Tuesday, August 14, 2007

Staying up late with "Every Secret Thing"

It's the summer of new authors for me, even though they'd be annoyed to find themselves referred to as "new." What I mean is, authors your host has never read. I've been trying to widen my scope, in an effort to move up the crime-fiction ladder from poseur to dilettante. It was in that spirit that I picked up Laura Lippman's Every Secret Thing a couple of days ago.

A hundred pages in, I'm impressed. The story is fresh: two 11-year-old girls serve seven years in juvenile detention for their roles in the death of an infant, then are released into a hostile world. The plot thickens.

Lippman has this deft way of gradually revealing more details about the central death to make this a page-turner -- it feels a little like Dennis LeHane's "Mystic River" that way. I meant to read just a couple of chapters last night but didn't stop until I'd read six. Also, it's somehow refreshing that every major character thus far is female, convincingly drawn and with distinct motivations. The single male character I've seen is one of those guys who make you ashamed of the gender.

So. Of the three books I bought at Border's the other day, this first one seems a good investment. Since this "new " writer has eight other novels in print, I've got another good author to browse on my next trip to the store or library.

For those more widely-read than I: What about Lippman's series novels? Do they hold up as well?


Peter said...

How about a comment from someone more narrowly read than you are, at least as far as Laura Lippman is concerned? You'll know that I found her story a highlight of the Dublin Noir anthology. Her novels might not be noir, but she did a pretty good job with that highly adaptable style in the story. Perhaps she can write convincingly in more than one style, a big mark in her favor.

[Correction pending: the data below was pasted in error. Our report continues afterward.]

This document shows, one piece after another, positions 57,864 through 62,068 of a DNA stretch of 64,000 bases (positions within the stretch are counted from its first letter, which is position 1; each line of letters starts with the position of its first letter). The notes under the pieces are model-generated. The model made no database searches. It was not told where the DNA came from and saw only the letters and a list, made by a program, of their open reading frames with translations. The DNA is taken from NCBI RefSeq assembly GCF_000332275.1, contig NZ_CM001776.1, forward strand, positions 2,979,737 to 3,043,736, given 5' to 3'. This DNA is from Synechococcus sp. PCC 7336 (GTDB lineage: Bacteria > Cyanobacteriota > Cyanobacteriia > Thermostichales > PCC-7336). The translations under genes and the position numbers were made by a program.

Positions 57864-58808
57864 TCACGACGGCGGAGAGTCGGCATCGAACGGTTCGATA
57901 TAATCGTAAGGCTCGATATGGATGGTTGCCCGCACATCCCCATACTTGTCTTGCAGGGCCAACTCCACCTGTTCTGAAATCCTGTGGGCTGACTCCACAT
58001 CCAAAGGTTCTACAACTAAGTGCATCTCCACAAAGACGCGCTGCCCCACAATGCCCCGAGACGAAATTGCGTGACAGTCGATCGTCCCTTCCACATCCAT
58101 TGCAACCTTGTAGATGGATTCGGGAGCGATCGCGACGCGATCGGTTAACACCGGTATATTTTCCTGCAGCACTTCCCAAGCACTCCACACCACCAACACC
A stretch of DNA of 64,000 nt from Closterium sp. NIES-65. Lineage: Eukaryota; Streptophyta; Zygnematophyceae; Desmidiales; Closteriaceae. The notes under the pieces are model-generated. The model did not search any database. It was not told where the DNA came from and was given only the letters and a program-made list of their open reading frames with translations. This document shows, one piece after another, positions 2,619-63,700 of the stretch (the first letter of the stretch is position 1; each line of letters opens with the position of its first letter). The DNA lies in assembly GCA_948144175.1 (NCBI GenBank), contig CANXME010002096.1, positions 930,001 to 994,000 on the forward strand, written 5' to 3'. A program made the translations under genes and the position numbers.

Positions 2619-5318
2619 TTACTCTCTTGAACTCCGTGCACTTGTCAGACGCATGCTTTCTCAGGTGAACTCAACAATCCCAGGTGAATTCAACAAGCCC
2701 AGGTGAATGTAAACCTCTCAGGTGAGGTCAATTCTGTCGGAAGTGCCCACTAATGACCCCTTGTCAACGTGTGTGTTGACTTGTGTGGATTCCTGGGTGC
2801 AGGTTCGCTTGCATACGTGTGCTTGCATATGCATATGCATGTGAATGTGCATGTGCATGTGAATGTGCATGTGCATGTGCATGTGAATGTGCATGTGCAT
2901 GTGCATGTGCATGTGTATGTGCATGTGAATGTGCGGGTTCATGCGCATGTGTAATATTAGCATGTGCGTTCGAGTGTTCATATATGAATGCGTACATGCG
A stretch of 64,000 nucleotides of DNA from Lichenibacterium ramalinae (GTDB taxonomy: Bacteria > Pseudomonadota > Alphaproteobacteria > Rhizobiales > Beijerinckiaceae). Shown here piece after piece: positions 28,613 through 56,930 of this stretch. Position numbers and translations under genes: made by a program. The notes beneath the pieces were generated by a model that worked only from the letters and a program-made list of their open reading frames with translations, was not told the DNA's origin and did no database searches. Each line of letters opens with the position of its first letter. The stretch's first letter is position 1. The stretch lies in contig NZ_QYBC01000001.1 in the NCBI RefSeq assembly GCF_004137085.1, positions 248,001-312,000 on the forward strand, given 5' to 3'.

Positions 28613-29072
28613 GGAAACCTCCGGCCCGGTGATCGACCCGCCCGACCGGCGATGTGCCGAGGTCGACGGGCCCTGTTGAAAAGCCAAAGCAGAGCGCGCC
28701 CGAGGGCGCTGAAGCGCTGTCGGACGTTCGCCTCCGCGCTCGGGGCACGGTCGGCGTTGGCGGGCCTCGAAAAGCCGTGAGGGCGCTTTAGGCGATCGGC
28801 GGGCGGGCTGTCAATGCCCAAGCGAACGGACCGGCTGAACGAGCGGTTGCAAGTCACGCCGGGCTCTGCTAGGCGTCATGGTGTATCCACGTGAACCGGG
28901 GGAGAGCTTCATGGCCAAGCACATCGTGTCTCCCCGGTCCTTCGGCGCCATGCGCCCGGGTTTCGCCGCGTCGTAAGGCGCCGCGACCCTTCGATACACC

Detectives Beyond Borders
"Because Murder Is More Fun Away From Home"

Dave Knadler said...

That is encouraging. Also, she's one of those writers with a newspaper background. That doesn't always lead to great fiction, but in her case it surely couldn't have hurt.

Jessie Knadler said...

That book sounds REALLY good. I want to read it after you do. I'm finally getting around to reading Michael Pollan's "The Omnivore's Dilemma," a natural history of three different types of meals.....industrial, organic, and hunter-gatherer. NOt sure if you're interested in the subject matter, but Pollan is an amazing writer and investigative journalist. The book is the most compelling one I've read in a long while.

Dave Knadler said...

Hi Jess. I'd recommend it, unless you really don't like crime fiction. She's one of the best writers I've come across in awhile.

I'll have a look at The Omnivore's Dilemma -- just so happens I have a coupon for Border's.